You have nothing to be jealous of!

SajadBishop

Senior Member
Farsi
You have nothing to be jealous of!
1- Could this sentence have two meanings? : 1- The first person (the one who said it) can't be jealous of the second one. 2- The second one can't be jealous of the first one.
If so, A) which meaning occured to you when you saw it in this thread? (Which one is commoner or easier to think of for you?)
B) what changes could we make to the sentence to remove the ambiguity?
 
  • pob14

    Senior Member
    American English
    To me it means only that the speaker thinks the other person shouldn't be jealous. It says nothing about whether they are jealous of the speaker, or of someone else. I don't see any way this sentence could refer to the speaker's own jealousy, unless of course he was talking to himself.
     

    SajadBishop

    Senior Member
    Farsi
    Actually I was thonking: "You have nothing to be jealous of" can be "You have nothing that makes me jealous of you." but it seems that I was wrong! Thanks pob14.
     

    pob14

    Senior Member
    American English
    Ah, I see . . . I don't think we would say it that way, no; I think it would be "You have nothing for me to be jealous of," if you wanted that meaning.
     

    SajadBishop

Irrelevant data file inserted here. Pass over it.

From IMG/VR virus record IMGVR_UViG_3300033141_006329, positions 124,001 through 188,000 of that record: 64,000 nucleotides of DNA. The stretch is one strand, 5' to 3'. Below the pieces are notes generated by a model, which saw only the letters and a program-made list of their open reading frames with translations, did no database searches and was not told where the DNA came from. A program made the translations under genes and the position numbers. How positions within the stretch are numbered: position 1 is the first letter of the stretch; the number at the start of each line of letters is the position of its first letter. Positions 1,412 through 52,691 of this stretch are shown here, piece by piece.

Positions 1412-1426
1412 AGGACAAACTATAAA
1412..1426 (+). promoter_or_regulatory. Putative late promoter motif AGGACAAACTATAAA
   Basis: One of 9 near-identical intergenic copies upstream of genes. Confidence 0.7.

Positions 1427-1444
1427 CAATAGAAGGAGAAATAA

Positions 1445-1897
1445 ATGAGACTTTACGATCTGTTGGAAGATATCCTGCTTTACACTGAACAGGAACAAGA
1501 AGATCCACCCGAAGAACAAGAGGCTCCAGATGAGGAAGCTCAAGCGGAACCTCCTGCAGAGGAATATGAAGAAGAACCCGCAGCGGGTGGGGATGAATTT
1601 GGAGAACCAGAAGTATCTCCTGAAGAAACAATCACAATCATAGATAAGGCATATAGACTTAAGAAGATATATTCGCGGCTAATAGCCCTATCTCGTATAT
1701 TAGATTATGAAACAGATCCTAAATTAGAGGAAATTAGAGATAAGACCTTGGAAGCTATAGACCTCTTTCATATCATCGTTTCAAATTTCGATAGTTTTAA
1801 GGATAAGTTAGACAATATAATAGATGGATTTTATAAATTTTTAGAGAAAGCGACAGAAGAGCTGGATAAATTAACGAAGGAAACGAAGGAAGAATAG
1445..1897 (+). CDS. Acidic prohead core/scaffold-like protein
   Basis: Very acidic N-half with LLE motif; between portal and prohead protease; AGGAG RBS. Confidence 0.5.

Senior Member
    Farsi
    Hello everyone! I have another question that I'd like to ask:

    pob14 said "You have nothing to be jealous of." means that "the speaker thinks the other person (that is, it's unlikely to refer to any other person) shouldn't be jealous."; I think the reason is that "to be jealous of" still keeps the subject (you) with it (maybe because it's a short sentence or ... !); so if we want to refer to another person, we have to add "for" + "noun or pronoun".

    Let's consider another sentence:
    Mina insisted on going to the park.
    In this sentence, does Mina insist that she goes to the park or it may refer to anyone; for instance, could Mina insisted on going to the park. point to John's going to the park or we still have to say "Mina insisted on John going to the park." ?
    I hope I've made myself clear!:)
     
    Last edited:

    PaulQ

    Senior Member
    UK
    English - England
    Hello everyone! I have another question that I'd like to ask: Let's consider another sentence: Mina insisted on going to the park.
    This would be better discussed in a new post, however, the answers are very short:
    In this sentence, does Mina insists that she goes to the park
    Yes.
    or it may refer to anyone; for instance, could
    Mina insisted on going to the park. point to John's going to the park
    No
    or we still have to say "
    Mina insisted on John going to the park." ?
    Yes
     
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